Timothy Jost, Washington & Lee University Law Professor: Administration’s Decision Could Leave Millions Of Americans Facing “Denial Of Coverage Or Higher Premiums.” “Yesterday, the Trump administration’s Department of Justice dropped a bombshell in a rural Texas federal courthouse. The administration stated in a court filing (and also in letters to Congressional leaders) that it would not defend three key provisions of the Affordable Care Act (ACA). If the judge in the case agrees, millions of Americans with preexisting conditions could face denial of coverage or higher premiums.” [Commonwealth Fund, 6/8/18]

Ceci Connolly, Alliance Of Community Health Plans: Administration’s Decision Decision Could Spark Fresh Market Instability. “Ceci Connolly, president of the Alliance of Community Health Plans, called the legal position ‘troubling’ and warned it could spark fresh market instability. ‘At the very least it adds uncertainty at exactly the moment when plans are trying to set rates for next year,’ Connolly said in a statement. ‘At the worst, it could strip away guaranteed coverage for those with pre-existing conditions. We don’t want to return to the days when people who needed the care the most could be turned away because of their health status.’” [Modern Healthcare, 6/8/18]

Fortune: If Administration’s Decision Is Implemented, “There’s A Strong Change Insurers Would Begin Charging Sicker People Significantly More.” “To date, many low-income people have been shielded from those increases since federal subsidies to help pay premiums rise in tandem with the spikes. Middle-class families who don’t qualify for the subsidies are left either swallowing the higher premiums or forgoing coverage. If the protections for people with pre-existing conditions are ultimately shot down, there’s a strong chance insurers would begin charging sicker people significantly more for their coverage while younger and healthier Americans would see lower prices.” [Fortune, 6/11/18]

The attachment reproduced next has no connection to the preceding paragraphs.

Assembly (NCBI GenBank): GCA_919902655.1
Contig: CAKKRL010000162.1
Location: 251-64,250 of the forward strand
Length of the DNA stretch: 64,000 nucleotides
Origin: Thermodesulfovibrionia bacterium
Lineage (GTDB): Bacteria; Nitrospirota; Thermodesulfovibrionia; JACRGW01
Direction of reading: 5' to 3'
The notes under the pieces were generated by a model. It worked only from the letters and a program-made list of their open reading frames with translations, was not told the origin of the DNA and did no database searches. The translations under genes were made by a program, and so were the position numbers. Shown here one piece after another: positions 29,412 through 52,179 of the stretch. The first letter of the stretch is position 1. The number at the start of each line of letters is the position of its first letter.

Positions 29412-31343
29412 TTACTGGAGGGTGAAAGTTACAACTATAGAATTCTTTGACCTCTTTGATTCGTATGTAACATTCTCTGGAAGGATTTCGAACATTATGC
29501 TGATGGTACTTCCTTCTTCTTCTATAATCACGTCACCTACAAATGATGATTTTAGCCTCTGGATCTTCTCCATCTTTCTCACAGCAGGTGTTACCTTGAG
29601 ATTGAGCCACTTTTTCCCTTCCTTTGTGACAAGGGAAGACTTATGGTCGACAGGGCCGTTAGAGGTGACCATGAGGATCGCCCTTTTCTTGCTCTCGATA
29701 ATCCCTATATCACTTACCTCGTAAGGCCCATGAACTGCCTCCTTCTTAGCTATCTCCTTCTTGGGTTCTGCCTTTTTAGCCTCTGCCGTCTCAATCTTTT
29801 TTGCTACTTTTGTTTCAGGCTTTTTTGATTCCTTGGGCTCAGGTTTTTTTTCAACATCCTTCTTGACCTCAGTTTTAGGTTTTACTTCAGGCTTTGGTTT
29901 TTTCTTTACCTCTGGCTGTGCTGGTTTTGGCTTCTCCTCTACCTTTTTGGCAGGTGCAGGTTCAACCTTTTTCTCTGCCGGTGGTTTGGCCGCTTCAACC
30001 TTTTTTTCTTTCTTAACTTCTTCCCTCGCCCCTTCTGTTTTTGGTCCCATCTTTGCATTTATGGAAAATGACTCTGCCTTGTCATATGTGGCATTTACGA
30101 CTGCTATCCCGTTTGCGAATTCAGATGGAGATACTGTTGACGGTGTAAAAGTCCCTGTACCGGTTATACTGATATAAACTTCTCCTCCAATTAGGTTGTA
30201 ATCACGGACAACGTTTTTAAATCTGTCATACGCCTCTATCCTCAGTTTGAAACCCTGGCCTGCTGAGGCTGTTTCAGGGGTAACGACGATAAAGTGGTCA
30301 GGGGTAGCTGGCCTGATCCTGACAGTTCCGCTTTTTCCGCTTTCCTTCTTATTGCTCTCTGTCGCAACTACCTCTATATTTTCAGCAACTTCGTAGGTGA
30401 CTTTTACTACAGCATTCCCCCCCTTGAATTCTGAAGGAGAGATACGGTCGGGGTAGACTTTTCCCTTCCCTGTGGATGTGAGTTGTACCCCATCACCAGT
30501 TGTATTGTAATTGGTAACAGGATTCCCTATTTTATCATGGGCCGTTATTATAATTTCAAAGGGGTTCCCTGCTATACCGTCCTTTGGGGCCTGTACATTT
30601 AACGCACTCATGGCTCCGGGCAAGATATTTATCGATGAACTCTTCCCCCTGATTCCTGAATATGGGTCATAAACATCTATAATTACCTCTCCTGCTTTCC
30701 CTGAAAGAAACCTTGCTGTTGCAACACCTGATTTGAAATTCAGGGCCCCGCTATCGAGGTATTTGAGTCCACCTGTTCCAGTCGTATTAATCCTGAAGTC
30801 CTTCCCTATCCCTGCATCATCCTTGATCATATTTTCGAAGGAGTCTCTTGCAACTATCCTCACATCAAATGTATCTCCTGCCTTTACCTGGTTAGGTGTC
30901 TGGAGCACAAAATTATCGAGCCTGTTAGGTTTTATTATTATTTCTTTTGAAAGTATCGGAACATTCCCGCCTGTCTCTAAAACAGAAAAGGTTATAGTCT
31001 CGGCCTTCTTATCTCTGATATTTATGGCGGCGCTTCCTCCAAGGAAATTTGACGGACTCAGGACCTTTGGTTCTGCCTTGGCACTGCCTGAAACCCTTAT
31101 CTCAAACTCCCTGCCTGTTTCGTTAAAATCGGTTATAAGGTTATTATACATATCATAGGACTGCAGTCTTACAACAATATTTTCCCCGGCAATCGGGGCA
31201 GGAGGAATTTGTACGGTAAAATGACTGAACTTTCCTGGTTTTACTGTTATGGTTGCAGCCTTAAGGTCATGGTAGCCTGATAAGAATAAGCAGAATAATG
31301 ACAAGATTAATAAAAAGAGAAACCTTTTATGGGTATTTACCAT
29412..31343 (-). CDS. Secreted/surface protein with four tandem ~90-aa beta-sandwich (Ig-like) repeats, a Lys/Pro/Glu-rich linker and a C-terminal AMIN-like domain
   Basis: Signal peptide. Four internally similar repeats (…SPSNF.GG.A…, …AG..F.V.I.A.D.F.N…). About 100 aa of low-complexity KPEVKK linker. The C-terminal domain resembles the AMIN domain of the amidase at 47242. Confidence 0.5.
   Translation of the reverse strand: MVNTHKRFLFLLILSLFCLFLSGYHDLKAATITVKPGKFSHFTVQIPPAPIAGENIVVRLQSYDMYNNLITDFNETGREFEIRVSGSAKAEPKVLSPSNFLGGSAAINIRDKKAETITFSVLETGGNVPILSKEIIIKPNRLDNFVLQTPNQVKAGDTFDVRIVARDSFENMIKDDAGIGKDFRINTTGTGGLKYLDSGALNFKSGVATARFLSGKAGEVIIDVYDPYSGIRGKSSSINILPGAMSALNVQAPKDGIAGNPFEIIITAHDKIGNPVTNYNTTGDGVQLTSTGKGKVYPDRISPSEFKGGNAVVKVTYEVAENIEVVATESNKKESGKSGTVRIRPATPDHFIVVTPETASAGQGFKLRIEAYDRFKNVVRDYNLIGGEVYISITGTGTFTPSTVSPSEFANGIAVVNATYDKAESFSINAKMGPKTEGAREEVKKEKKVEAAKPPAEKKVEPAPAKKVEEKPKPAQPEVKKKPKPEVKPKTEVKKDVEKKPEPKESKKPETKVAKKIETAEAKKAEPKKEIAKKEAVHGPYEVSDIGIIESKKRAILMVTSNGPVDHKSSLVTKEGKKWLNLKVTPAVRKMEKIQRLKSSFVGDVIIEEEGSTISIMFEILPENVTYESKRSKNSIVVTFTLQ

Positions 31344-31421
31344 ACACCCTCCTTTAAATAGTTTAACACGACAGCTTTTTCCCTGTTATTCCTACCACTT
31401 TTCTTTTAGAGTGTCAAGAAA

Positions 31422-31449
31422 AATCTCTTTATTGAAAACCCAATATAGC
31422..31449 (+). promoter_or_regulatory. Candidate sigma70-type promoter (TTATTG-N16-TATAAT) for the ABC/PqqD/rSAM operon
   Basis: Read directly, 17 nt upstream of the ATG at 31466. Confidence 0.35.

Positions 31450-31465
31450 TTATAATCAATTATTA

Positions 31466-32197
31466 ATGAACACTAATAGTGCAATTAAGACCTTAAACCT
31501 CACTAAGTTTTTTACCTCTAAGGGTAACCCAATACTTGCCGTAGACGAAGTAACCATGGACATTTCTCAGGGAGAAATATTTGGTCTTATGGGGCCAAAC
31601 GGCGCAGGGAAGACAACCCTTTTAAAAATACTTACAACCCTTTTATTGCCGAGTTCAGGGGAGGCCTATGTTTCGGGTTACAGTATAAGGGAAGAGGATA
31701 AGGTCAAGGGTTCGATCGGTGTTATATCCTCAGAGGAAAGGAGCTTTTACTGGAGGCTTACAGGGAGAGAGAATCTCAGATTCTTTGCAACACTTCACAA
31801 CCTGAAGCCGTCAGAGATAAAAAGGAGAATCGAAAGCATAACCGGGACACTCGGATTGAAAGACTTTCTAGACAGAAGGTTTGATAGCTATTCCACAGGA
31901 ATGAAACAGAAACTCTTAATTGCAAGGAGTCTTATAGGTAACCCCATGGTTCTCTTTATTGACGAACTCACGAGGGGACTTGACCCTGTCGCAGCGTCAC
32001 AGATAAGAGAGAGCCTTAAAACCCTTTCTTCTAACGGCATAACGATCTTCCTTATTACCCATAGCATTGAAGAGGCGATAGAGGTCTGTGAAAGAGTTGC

Former HHS Secretary Tom Price: GOP Actions Responsible For Premium Increases. “President Trump’s former top health official on Tuesday said the Republican tax law would raise the cost of health insurance for some Americans because it repealed a core provision of the Affordable Care Act. Tom Price, Trump’s first secretary of the Department of Health and Human Services, said people buying insurance on government-run marketplaces will face higher prices because the tax law repealed the ACA’s individual mandate. The mandate had forced most Americans to have health coverage or face a financial penalty. ‘There are many, and I’m one of them, who believes that that actually will harm the pool in the exchange market, because you’ll likely have individuals who are younger and healthier not participating in that market, and consequently that drives up the cost for other folks within that market,’ Price said at the World Health Care Conference in Washington.” [Washington Post, 5/1/18]